Arlington officials say that despite their personal beliefs, they are hamstrung by state and federal law from taking steps to prevent a proposed gun shop from opening on Pershing Drive.
“If I had the authority to do something, I would,” County Board Vice Chairman Jay Fisette (D) said after opponents of the Nova Armory descended on the March 12 board meeting to express their anger to elected officials and staff.
Those critics came away with a sympathetic hearing, but little in the way of promises.
Local governments across Virginia are limited by the state legislature, which “has gone out of its way” to strip local authority on gun issues, County Attorney Stephen MacIsaac noted.
“We are at the mercy of the General Assembly, and to some degree, the Congress,” said MacIsaac, who added that local governments have no more power to regulate establishment of gun shops than they do comic-book shops.
Opponents, however, were not letting Arlington officials off the hook. Emily Hughes, one of the leaders in the effort to stop Nova Armory, said “the County Board failed us.”
“It could have, and arguably should have, let us know” that the store was planning to open, Hughes said.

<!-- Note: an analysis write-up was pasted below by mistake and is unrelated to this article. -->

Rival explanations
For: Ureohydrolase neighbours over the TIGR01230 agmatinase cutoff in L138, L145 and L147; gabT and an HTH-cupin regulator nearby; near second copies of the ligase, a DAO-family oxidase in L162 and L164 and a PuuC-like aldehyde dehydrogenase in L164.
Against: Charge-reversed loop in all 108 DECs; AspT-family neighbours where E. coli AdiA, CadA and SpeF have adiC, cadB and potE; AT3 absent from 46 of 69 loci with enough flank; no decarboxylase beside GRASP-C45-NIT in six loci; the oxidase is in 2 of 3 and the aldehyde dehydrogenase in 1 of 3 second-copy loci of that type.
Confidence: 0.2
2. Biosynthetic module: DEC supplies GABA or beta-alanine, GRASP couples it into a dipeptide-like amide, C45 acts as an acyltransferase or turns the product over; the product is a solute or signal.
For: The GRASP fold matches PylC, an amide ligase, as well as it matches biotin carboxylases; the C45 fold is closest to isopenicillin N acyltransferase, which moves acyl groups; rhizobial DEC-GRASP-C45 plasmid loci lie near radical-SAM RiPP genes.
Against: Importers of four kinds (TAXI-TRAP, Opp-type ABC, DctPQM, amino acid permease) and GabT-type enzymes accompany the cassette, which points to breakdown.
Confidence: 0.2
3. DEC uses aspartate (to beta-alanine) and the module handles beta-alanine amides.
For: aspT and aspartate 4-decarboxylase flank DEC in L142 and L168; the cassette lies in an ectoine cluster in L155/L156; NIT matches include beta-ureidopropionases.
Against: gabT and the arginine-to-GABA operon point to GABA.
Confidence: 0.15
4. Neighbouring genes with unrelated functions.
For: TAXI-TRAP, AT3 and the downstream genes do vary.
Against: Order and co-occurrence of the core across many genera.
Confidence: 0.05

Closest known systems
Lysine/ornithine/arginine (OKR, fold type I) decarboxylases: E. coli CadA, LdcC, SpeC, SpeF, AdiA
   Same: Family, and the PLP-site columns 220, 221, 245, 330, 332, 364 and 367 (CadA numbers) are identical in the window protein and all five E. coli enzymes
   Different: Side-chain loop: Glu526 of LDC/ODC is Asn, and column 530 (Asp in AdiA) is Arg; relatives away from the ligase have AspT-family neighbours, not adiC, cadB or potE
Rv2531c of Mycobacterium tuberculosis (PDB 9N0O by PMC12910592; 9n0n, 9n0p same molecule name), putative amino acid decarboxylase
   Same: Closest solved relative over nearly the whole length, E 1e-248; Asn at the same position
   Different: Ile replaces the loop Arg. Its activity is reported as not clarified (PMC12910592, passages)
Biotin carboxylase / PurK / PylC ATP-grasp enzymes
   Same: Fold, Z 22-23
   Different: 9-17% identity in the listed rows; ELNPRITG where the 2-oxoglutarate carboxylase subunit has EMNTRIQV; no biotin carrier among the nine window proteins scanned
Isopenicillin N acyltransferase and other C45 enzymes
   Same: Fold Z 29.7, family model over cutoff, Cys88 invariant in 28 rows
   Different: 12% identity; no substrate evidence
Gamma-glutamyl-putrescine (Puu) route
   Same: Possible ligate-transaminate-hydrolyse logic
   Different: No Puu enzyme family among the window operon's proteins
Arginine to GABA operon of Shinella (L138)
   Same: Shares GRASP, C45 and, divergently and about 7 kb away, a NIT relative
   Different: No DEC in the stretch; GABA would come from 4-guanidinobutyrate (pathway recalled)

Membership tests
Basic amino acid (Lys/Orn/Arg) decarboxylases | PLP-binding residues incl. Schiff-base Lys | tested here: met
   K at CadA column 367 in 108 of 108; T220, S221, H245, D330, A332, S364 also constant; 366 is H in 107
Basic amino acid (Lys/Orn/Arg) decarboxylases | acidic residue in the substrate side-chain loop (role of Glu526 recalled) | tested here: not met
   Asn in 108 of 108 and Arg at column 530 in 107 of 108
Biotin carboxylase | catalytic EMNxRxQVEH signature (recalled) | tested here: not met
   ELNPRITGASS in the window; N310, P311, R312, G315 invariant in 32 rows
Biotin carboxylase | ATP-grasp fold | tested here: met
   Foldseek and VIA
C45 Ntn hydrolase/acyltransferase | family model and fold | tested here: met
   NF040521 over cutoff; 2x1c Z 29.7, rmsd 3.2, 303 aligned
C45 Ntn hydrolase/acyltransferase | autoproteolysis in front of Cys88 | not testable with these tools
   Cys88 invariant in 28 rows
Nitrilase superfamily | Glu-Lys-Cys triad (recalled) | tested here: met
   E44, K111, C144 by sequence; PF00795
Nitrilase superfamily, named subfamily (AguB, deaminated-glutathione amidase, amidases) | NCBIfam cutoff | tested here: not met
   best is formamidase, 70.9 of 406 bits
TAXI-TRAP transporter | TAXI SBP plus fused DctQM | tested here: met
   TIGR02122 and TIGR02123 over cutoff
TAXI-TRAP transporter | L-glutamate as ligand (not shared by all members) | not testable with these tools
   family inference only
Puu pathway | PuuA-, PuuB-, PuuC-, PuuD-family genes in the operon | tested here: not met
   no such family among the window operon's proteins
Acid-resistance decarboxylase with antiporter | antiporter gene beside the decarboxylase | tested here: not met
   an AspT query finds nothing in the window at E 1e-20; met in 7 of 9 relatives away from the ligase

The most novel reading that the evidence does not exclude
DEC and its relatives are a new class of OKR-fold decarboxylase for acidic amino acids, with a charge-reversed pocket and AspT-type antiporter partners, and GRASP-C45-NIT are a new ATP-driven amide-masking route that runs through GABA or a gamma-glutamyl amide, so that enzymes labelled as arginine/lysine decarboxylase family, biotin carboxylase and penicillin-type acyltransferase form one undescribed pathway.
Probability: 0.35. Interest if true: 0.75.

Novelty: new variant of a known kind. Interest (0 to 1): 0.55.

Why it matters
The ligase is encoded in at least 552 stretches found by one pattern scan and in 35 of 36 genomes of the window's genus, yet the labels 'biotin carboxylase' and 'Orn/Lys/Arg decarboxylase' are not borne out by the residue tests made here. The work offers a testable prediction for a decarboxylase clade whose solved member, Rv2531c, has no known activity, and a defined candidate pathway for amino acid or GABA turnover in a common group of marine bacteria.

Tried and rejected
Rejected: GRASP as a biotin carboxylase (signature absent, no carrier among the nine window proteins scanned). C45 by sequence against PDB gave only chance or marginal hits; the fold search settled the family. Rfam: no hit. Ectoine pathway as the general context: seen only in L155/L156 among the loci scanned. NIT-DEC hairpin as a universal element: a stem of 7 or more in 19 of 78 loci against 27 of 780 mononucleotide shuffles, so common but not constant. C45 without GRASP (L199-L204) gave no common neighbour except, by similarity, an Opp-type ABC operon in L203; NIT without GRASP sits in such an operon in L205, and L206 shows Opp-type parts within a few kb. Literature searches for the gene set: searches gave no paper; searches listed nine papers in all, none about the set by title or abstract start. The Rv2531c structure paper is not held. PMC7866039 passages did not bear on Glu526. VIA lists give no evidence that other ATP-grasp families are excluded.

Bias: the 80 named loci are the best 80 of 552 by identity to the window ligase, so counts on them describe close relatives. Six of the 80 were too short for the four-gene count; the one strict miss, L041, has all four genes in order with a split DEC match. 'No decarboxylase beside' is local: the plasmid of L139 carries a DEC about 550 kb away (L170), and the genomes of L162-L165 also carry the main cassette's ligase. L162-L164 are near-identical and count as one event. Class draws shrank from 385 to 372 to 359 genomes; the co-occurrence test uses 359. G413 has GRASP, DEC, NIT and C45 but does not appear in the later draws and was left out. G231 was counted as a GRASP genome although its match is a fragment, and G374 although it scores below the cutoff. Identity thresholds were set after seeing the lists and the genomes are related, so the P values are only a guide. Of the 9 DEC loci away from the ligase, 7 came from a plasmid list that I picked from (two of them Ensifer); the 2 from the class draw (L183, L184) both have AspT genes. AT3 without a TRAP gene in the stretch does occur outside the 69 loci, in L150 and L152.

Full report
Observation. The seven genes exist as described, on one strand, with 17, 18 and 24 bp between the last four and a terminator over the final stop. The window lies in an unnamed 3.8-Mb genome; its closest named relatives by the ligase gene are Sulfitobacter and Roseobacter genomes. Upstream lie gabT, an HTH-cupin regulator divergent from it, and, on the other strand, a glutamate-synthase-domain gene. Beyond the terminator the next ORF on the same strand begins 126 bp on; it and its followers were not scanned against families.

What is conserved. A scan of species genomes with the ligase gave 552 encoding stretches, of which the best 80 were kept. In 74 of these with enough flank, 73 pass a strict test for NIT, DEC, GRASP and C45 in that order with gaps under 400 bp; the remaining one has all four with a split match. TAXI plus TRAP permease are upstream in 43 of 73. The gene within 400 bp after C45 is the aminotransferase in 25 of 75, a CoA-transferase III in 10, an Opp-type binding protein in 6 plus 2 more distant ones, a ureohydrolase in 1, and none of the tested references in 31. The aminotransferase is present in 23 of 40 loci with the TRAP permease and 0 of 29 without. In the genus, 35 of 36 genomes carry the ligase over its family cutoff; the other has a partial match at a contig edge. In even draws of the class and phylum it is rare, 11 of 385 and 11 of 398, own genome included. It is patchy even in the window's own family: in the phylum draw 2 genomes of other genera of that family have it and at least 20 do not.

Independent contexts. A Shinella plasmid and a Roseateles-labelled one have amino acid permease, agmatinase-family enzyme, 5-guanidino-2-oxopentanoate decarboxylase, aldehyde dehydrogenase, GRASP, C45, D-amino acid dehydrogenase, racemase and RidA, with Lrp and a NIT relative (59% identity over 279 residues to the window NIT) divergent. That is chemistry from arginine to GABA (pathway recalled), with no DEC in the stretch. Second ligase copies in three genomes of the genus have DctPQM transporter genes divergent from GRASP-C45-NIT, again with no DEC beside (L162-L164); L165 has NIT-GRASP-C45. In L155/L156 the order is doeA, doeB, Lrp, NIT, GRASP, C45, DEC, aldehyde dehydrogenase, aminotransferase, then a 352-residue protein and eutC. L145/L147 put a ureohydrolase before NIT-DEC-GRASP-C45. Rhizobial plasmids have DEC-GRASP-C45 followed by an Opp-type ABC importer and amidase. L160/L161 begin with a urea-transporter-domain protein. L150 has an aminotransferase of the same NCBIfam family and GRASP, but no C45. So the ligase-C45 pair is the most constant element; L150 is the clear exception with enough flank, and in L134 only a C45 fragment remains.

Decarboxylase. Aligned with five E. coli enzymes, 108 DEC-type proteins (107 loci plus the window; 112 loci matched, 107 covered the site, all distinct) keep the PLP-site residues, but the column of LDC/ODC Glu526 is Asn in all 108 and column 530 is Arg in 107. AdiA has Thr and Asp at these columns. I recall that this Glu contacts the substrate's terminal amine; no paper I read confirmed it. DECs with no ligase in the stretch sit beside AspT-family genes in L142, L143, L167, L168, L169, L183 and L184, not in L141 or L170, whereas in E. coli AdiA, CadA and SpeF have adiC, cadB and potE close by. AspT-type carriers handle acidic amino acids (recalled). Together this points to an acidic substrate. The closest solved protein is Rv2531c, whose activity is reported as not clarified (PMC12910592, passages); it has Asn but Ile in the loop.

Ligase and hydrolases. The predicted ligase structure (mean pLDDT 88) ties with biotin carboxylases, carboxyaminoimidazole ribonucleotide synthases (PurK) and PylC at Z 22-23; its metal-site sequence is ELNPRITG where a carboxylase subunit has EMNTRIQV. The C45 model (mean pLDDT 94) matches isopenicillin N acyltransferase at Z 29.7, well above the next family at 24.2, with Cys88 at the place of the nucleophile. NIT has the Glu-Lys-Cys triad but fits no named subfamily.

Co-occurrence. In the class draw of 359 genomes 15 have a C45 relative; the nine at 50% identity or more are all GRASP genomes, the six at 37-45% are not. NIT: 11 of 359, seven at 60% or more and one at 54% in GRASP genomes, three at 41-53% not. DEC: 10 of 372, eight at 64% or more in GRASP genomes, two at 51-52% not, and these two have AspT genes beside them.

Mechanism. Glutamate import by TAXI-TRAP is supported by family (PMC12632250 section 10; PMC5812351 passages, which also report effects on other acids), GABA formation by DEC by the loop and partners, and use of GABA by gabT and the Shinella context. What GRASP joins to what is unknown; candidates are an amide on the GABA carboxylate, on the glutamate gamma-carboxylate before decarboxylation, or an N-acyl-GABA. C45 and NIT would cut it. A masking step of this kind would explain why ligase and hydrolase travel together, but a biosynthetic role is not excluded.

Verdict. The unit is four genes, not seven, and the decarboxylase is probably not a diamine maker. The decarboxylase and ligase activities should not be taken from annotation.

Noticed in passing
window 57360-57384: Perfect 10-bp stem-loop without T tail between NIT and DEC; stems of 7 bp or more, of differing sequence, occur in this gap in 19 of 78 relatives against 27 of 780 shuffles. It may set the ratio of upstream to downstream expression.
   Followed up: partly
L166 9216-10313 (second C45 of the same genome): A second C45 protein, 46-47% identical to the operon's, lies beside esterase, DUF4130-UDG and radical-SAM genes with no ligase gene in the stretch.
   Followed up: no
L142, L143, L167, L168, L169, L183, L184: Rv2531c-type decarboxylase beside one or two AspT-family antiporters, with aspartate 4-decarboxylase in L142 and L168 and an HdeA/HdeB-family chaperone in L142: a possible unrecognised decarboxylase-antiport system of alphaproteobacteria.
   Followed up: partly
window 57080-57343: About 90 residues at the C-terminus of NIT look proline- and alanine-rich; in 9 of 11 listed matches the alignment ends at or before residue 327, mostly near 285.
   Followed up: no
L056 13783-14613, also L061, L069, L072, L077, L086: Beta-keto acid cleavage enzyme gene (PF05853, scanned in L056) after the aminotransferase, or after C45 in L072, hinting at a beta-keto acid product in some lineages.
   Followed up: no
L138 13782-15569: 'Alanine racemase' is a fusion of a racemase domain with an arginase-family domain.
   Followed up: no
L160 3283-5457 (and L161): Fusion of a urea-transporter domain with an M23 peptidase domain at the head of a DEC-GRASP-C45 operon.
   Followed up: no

But even that contention was parried by at least one elected official.
County Board member Christian Dorsey suggested it would “not have been prudent” for the government to publicize the building-permit application for the gun shop in a way that it doesn’t do for any other business.
Doing so “could have exposed us to some issues,” Dorsey said.
MacIsaac suggested that the public could attempt to put pressure on state lawmakers – “the General Assembly needs to enable local governments to do more” – but given the strong pro-rights tilt of the legislature, that seems unlikely to have much effect, at least in the short term.
Unless change comes at the state level, “We have to follow the law, and the law limits us quite a bit,” said County Board Chairman Libby Garvey (D)
The other option, county officials said, was for the public to put pressure on the store owner and landlord, as was the case when gun shops were planned for the Cherrydale and Nauck neighborhoods.